Preaching Christ from Psalms: Foundations for Expository Sermons in the Christian Year. By Sidney Greidanus. Grand Rapids, MI: Eerdmans, 2016. 595 pp. Paper, $40.00.
Sidney Greidanus is professor emeritus of preaching at Calvin Theological Seminary. He is well known for advocating a redemptive-historical approach to preaching, and has a series of books showing how to preach Christ from the OT, including Preaching Christ from Genesis; Preaching Christ from Ecclesiastes; Preaching Christ from Daniel; and now, Preaching Christ from Psalms. These all grow out of the hermeneutic outlined in his book, Preaching Christ from the Old Testament.
Greidanus defines preaching Christ as “preaching sermons which authentically integrate the message of the text with the climax of God’s revelation in the person, work, and/or teaching of Jesus Christ as revealed in the New Testament” (p. 5). He warns against forced interpretations that eisegetically read Christ back into the psalms. Instead, he believes “from the message of a psalm we can certainly move forward to Jesus in the New Testament” (p. 5).
Preaching Christ from Psalms begins with 45 pages of general hermeneutical questions about interpreting the Psalms, and then gives an exposition of 23 Psalms, showing how to exegete the text and see how they can “move forward to Jesus.”
For each Psalm, Greidanus follows a systematic pattern of analysis, including doing literary and historical interpretations, and formulating the Psalm’s theme. Then Greidanus suggests several “Ways to Preach Christ” in each Psalm, and I found his comments in this area to be especially thought-provoking. The different ways in which he suggests we can preach Christ from the text include looking for promise-fulfillment; longitudinal themes; redemptive-historical progression; analogy; typology; New Testament references; and contrast.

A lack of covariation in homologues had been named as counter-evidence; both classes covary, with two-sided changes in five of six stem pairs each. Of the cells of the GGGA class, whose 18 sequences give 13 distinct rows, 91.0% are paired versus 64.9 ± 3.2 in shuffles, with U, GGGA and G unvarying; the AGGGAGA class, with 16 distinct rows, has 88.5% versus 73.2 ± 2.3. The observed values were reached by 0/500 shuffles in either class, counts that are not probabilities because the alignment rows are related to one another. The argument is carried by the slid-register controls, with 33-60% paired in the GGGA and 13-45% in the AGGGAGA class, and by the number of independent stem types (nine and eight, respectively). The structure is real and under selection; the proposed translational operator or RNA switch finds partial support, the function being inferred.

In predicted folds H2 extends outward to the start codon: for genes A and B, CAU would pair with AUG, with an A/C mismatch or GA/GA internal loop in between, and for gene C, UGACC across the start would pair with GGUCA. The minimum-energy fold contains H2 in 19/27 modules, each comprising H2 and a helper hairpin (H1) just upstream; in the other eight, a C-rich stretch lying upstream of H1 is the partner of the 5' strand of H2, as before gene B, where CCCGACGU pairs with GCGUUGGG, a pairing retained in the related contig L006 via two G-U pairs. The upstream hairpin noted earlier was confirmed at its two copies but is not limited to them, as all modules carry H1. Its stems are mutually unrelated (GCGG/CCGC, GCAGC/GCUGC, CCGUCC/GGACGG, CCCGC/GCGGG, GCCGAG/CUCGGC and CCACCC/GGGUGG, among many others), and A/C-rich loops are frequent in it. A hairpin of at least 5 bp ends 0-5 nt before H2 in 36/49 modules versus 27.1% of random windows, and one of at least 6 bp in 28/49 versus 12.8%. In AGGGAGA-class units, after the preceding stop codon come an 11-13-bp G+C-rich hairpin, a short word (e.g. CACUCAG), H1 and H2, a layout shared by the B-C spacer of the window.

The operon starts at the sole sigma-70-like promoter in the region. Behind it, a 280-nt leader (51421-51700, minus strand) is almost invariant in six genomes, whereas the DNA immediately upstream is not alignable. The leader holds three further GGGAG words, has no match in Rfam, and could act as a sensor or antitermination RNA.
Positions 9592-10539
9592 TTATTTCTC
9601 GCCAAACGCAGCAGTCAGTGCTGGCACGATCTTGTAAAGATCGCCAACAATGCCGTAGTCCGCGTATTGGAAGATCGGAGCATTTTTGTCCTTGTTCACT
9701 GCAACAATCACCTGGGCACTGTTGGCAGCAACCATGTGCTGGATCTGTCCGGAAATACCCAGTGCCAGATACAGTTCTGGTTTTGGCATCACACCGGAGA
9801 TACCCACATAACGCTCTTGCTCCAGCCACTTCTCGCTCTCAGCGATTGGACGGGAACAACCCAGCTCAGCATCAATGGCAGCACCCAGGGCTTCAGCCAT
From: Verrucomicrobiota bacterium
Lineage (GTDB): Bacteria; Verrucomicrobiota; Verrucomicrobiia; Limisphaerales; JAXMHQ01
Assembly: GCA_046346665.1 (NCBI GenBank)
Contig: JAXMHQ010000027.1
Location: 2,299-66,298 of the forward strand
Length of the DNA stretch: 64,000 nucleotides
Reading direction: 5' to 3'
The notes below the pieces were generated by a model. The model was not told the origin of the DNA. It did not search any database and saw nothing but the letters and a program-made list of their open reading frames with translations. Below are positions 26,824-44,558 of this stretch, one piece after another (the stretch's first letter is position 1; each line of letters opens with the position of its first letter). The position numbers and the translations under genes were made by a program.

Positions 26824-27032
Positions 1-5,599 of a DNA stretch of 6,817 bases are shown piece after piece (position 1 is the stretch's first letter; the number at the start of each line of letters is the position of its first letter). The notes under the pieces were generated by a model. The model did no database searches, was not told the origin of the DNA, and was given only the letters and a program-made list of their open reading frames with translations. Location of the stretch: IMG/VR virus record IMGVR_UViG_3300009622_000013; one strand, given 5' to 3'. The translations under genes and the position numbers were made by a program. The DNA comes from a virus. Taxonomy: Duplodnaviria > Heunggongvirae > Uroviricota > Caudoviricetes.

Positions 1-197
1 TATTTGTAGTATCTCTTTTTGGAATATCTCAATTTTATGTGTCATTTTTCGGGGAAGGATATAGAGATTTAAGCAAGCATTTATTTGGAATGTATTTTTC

For example, in Psalm 72, Greidanus sees in the prayers for the reigning king an implied promise “of a great coming King—romises that are fulfilled in Jesus’ First and Second Coming” (p. 105).
In Psalm 146, Greidanus sees an analogy between the works of the Lord mentioned in vv 6-9, and Jesus’ works mentioned in Matt 11:3-5 (p. 126).
In Psalm 80, Greidanus understands the prayer for God to restore His people as pointing to the climax of redemptive history, when God sent Jesus to save His people from their sins (p. 145).
In Psalm 2, Greidanus sees a typology of the future Messianic kingdom, as supported by eighteen NT references (p. 224).
Whether it is examining the structure of a Psalm, determining its theme, or suggesting ways of preaching Christ from the text, Greidanus provides so many excellent comments and insights that I happily recommend this book, especially for pastors and people engaged in a teaching ministry. Preaching Christ from Psalms is an excellent resource for helping those Scriptures come alive.
Journal of the Grace Evangelical Society